ATLANTA (Reuters) - Former U.S. President Jimmy Carter is responding well to cancer treatment and there is no evidence of new malignancy, the Carter Center said on Tuesday.
Carter, 91, started treatment in August for melanoma that had spread from his liver to his brain.
After recent tests, doctors at Emory University’s Winship Cancer Institute gave Carter “good news,” the Carter Center said in a statement.
“They tell him that recent tests have shown there is no evidence of new malignancy, and his original problem is responding well to treatment,” the statement said. “Further tests will continue.”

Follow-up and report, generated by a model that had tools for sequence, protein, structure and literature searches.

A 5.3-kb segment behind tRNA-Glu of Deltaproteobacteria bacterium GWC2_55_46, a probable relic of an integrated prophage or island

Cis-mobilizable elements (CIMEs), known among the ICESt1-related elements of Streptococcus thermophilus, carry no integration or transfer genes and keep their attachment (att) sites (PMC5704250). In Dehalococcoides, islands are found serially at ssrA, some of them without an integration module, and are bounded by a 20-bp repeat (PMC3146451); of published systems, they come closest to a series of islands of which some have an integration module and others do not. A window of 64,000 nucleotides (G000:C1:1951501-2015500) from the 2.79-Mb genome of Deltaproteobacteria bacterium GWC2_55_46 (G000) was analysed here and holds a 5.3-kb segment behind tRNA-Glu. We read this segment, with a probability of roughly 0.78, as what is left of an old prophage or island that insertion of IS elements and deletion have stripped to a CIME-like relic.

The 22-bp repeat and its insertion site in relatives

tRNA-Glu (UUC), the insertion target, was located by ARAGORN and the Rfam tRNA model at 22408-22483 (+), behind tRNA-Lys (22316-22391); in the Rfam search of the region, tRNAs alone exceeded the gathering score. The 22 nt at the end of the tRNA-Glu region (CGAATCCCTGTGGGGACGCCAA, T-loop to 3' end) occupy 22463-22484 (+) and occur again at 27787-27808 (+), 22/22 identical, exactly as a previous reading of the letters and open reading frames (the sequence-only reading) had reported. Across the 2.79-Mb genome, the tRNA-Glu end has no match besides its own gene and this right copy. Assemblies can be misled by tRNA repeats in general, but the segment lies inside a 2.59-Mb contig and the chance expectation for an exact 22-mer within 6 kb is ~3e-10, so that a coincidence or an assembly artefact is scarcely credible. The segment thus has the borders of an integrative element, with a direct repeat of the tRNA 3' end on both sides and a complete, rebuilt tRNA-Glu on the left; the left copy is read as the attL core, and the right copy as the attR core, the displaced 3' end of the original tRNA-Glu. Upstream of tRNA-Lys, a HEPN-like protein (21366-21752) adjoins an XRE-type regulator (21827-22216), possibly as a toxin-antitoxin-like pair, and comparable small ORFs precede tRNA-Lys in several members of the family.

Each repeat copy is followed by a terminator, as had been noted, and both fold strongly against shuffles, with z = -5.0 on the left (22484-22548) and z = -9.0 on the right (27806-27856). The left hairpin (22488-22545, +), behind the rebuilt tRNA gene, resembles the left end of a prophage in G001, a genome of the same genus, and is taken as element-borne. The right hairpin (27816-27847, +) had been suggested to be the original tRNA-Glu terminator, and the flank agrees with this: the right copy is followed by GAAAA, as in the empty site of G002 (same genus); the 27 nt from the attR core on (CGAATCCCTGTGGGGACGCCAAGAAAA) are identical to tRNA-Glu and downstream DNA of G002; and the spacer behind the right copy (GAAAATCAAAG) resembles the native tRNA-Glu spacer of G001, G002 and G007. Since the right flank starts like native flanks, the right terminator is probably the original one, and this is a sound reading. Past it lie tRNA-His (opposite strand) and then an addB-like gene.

Carter was planning to travel to Nepal this month on a home-building trip with the non-profit group Habitat for Humanity, but the trip was canceled because of “civil unrest” in the country.
Carter, president from 1977-1981, participated in a Habitat home-building event in Memphis, Tennessee, last week, the Carter Center said.
Carter played a key role in Middle East peace negotiations during his presidency. He won a Nobel Peace Prize in 2002.
Reporting by Mohammad Zargham in Washington; Editing by David Adams and Eric Beech
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